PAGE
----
Analysing some basic flow contructions:

As an application, I going to show the graph of some basic instruction flow like for, while, if, foreach, etc...

public void HelloWorld()
{
    Console.WriteLine("Hello World");
}

public void IfAlone(bool value)
{
    if (value)
        Console.Write("value is true");
}

public void IfThenElse(bool value)
{
    if (value)
        Console.Write("value is true");
    else
        Console.Write("value is false");
}

public void For()
{
    for(int i = 0;i!=10;++i)
    {
        Console.Write(i);
    }
}

public void While()
{
    int i = 0;
    while(i!=10)
    {
        i++;
    }
}

public void TryCatchFinally()
{
    try
    {
        Console.WriteLine("try");
    }
    catch(Exception)
    {
        Console.WriteLine("catch"); 
    }
    finally
    {
        Console.WriteLine("finally");
    }
}

public void TryMultiCatchFinally()
{
    try
    {
        Console.WriteLine("try");
    }
    catch(ArgumentException)
    {
        Console.WriteLine("catch(arg)"); 
    }
    catch(Exception)
    {
        Console.WriteLine("catch"); 
    }
    finally
    {
        Console.WriteLine("finally");
    }
}

public void ForEach(ICollection col)
{
    foreach(Object o in col)
    {
        Console.WriteLine(o);
    }
}

public void ForEachContinue(int[] col)
{
    foreach(int o in col)
    {
        Console.WriteLine(o);
        if (o == 0)
            continue;
    }
}

public void ForEachBreak(int[] col)
{
    foreach(int o in col)
    {
        Console.WriteLine(o);
        if (o == 0)
            break;
    }
}

public void SwitchIt(int value)
{
    switch(value)
    {
    case 0:
        Console.Write("0");
        break;
    case 1:
        Console.Write("1");
        break;
    default:
        Console.Write("default");
        break;
    }
}

posted on Tuesday, May 11, 2004 10:51:00 AM (Pacific Daylight Time, UTC-07:00)  #    Comments [9]
# Monday, May 10, 2004

I have just finished a CodeSmith template that "automatically" generates empty tests case for a given type.

This template does a little bit more than just enumerating the available methods: it explores MSIL using RAIL and creates test case following the given rules:

  • if the IL instruction is a conditional branch, create a test case for both possibilities (true/false case)
  • if the IL instruction throws, create a test case expecting the exception,
  • if the IL instruction is returning, create a test case that checks the returned value

Those rules are quite simplistic but can already generate a "huge" number of test case automatically. Each test case comes with a piece of documentation and the method IL code where the target instruction has been set in bold. Currently, the documentation contains IL code, but in the future it would be nicer to output real code, using Reflector for example.

In order to make the template work, you need to put RAIL assemblies and the AssemblyHelper assembly in the CodeSmith directory.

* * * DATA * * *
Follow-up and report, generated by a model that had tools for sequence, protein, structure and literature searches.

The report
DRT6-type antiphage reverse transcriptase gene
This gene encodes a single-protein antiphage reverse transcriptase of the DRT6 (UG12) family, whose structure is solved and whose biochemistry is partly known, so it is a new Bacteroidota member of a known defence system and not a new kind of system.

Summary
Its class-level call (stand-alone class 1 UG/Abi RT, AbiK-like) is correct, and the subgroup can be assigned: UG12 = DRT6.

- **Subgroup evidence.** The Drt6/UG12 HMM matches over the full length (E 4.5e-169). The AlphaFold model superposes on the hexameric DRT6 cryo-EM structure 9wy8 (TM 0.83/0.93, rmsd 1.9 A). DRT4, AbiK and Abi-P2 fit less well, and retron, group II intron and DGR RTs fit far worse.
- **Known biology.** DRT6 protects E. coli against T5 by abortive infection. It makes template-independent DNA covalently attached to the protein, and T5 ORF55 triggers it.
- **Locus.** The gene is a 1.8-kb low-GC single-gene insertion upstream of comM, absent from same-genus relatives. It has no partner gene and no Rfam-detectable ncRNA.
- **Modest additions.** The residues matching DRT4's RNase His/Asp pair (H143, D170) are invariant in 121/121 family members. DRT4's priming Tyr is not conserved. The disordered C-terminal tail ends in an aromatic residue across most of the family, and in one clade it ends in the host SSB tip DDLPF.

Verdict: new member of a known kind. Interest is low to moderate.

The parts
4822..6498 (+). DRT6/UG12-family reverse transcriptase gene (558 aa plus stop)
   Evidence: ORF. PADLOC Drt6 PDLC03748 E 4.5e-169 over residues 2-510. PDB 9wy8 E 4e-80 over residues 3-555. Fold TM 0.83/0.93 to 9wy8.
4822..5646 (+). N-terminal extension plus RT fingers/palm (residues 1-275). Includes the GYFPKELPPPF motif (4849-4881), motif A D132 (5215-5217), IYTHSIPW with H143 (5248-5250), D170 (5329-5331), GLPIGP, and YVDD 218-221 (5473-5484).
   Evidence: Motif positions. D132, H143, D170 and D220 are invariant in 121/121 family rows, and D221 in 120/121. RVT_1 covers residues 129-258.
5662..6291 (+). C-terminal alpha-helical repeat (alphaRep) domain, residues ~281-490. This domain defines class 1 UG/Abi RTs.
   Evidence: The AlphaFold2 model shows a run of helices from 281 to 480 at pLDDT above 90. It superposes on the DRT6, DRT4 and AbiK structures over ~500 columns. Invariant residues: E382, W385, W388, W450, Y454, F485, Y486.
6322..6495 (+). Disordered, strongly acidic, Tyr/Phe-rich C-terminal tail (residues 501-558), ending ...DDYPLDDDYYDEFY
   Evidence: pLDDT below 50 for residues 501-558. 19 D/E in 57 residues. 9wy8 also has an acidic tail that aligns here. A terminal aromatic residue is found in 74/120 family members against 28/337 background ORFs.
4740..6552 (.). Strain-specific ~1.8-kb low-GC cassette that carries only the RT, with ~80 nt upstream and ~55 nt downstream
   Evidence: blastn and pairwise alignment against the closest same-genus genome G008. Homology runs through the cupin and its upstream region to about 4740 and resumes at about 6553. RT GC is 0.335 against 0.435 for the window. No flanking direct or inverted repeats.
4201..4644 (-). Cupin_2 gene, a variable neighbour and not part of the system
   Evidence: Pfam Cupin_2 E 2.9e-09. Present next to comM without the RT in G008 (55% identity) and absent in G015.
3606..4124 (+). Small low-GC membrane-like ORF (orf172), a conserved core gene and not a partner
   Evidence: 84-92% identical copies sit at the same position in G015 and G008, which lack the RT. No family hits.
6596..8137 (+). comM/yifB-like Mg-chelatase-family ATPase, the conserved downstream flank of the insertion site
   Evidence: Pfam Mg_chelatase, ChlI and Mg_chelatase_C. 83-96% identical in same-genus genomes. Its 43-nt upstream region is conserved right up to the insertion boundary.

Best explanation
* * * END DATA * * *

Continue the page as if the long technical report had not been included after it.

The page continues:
Here's a quick example. The method:

public void ABitMoreComplext(bool goForIt)
{
    if (goForIt)
        throw new Exception();
    else
        Console.Write("did not throw");
        // other instruction 
    Console.Write("hello");
}

and the resulting output in the generated class:

        
        /// <summary>
        /// Tests ABitMoreComplext method when condition is executed as true
        /// (see remarks).
        /// </summary>
        /// <remark>
        /// <para>
        /// Not implemented
        /// </para>
        /// <code>
        /// ldarg.1
        /// <b>brfalse.s</b>
        /// newobj
        /// throw
        /// ldstr
        /// call
        /// ldstr
        /// call
        /// ret
        /// </code>
        /// </remarks>
        [Test]
        [Ignore]
        public void ABitMoreComplextIfTrue1()
        {
            throw new NotImplementedException();
        }
        /// <summary>
        /// Tests ABitMoreComplext method when condition is executed as true
        /// (see remarks).
        /// </summary>
        /// <remark>
        /// <para>
        /// Not implemented
        /// </para>
        /// <code>
        /// ldarg.1
        /// <b>brfalse.s</b>
        /// newobj
        /// throw
        /// ldstr
        /// call
        /// ldstr
        /// call
        /// ret
        /// </code>
        /// </remarks>
        [Test]
        [Ignore]
        public void ABitMoreComplextIfFalse1()
        {
            throw new NotImplementedException();
        }
        /// <summary>
        /// Tests that the ABitMoreComplext method throws (see remarks)
        /// </summary>
        /// <remark>
        /// <para>
        /// Not implemented
        /// </para>
        /// <code>
        /// ldarg.1
        /// brfalse.s
        /// newobj
        /// <b>throw</b>
        /// ldstr
        /// call
        /// ldstr
        /// call
        /// ret
        /// </code>
        /// </remarks>
        [Test]
        [Ignore]
        [ExpectedException(typeof(Exception))]
        public void ABitMoreComplextThrow3()
        {
            // don't forget to update the exception type.
            throw new NotImplementedException();
        }

ps: The template is called TestFixture and is in the Templates directory in the MbUnit CVS.

 

posted on Monday, May 10, 2004 2:25:00 PM (Pacific Daylight Time, UTC-07:00)  #    Comments [13]

A co-worker, Jacques Theys, sent me this link:

"GPGPU stands for General-Purpose computation on GPUs. With the increasing programmability of commodity graphics processing units (GPUs), these chips are capable of performing more than the specific graphics computations for which they were designed. They are now capable coprocessors, and their high speed makes them useful for a variety of applications. The goal of this page is to catalog the current and historical use of GPUs for general-purpose computation."

 

posted on Monday, May 10, 2004 10:17:00 AM (Pacific Daylight Time, UTC-07:00)  #    Comments [0]
# Sunday, May 09, 2004

MbUnit has a Visual Studio Add-In using the NUnitAddIn framework. Setting the framework is done through the following steps: